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According to research, the UK’s food-to-go sector is set to grow at twice the rate of overall grocery retail to £22.8bn by 2023, up from £17.8bn in 2018.*

The booming sector is fuelling today’s busy lives and it isn’t just limited to lunchtime take out. Consumers want food-to-go at all hours of the day and the pressure is on retailers and foodservice operators to innovate their offerings.

Central to this growth is the rising demand for ‘hot’ food-to-go (HFTG) with 45% of food-to-go shoppers now demanding a larger range of hot dishes to take-away.**

No longer the sole domain of street food vendors and take-away outlets, major restaurant brands and chains are increasing their hot food-to-go offering and duplicate hot deli counters are popping up which not only cater to the growing demand, but create a simple, cost effective way to attract new shoppers and increase basket spend.

The recent announcement from Greggs that 1 in 4 of the bakery giant’s stores will now be opening for longer and selling a range of hot take-away options is testament to the rising number of consumers reaching for hot food-to-go alternatives. It also signifies the emergence of hot food-to-go being popular throughout the entire day, rather than just a lunchtime option.

Packaging solutions to satisfy HFTG appetites

For some time, retailers and food service operators have been catering to the burgeoning food-to-go market, creating a multitude of innovative dishes and flavours to appeal to the customer. However, given that hot food-to-go tends to be more valuable to retailers, with an average basket value of £5.61, compared with £4.73 for chilled food to go,*** dishes have had to become increasingly sophisticated.

Similarly, the packaging has followed suit.

No longer are retailers and food service operators satisfied that the packaging can hot hold a dish at 85 degrees for four hours, they are seeking a single pack solution which can protect and preserve the quality of a dish from the chilled, frozen or ambient fill at the point of manufacture, through the supply chain, to regeneration in-store via microwave or oven, before being put into the hot hold cabinet and presented to the consumer in the best way possible. This ensures that the number of times each dish is touched before reaching the consumer is kept to an absolute minimum.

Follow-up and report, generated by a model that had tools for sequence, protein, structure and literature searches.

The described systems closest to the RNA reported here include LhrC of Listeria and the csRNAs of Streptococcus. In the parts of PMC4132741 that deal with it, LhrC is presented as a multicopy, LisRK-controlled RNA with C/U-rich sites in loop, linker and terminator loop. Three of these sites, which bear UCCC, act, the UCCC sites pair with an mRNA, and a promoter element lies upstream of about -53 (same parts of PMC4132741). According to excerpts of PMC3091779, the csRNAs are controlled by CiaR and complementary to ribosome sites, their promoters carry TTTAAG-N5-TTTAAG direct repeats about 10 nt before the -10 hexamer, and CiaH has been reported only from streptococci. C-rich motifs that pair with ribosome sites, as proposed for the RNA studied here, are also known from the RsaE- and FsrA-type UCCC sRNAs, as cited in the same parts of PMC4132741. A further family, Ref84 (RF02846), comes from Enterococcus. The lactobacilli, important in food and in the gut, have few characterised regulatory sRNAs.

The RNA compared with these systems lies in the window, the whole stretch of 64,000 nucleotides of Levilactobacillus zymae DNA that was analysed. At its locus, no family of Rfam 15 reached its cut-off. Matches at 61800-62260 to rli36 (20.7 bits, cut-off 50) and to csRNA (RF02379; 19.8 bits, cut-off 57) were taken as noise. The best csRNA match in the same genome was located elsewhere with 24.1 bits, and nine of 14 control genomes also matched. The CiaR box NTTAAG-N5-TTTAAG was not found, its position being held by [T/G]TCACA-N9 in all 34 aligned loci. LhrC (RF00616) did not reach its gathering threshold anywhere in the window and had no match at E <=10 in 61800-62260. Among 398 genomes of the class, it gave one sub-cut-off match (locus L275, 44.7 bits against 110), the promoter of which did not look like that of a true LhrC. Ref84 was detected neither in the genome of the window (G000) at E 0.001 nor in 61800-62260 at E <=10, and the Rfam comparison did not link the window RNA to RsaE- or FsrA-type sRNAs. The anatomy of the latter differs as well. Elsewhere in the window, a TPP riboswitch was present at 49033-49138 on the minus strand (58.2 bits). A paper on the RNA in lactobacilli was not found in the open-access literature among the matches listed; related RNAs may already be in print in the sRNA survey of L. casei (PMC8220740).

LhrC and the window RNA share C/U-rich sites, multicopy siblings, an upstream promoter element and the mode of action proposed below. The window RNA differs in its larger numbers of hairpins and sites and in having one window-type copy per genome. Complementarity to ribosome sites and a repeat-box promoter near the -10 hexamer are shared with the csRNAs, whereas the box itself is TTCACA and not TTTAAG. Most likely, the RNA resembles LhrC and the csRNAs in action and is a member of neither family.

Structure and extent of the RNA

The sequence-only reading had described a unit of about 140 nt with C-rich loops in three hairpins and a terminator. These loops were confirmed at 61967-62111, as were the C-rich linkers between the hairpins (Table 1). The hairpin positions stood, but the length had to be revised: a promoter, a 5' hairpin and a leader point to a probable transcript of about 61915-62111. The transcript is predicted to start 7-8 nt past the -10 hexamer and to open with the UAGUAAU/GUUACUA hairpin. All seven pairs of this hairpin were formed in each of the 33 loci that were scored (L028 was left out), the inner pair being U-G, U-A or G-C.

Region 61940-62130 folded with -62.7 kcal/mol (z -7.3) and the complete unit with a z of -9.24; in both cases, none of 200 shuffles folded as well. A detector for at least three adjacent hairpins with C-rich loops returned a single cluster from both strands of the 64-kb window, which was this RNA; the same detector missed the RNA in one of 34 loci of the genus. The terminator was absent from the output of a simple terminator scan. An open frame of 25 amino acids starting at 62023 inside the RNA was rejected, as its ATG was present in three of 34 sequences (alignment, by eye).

The four stages of selecting the right HFTG packaging solution

Essentially, when considering packaging for hot food-to-go, the entire life cycle of the product needs to be factored in, which can be broken down into four stages; point of fill, point of sale, point of consumption and point of disposal.

When looking at the fill stage of the packaging journey consideration of the factory or kitchen processes needs to be considered, along with the supply chain and regeneration options. And, depending on the desired final presentation, there are multiple packaging choices and varying board options available.

While heat is a critical element with hot food-to-go packaging, there are many more factors which need to be considered in finding a suitable packaging solution.

At the point of sale, the packaging is the message and it is important that, while not always easy with hot food-to-go, the dish is presented well. Consideration also needs to be given to the point of consumption and potential for onward transportation.

The point of disposal now plays a critical role, particularly as caterers, retailers and consumers, while seeking convenience, are also looking to mitigate the environmental impact of their packaging. Given the environmental aspects of packaging waste in recent months, packs which carry sustainable accreditations which fit into the end of life options available, will increasingly become the norm and this is already being incorporated into most hot-hold packaging solutions.

There is an appreciation that greater infrastructure is needed throughout the UK to enable consumers to dispose of their packaging effectively, particularly if we are to meet the 65% municipal waste target by 2035. Retailers and food service operators need to offer consumers clear guidance on the disposal route required to ensure that the final stage of the packaging lifecycle is carried out.

By Andrew Grimbaldeston, Commercial Director for Colpac

*international research organisation IGD


*** HIM/MCA, CTP 2018

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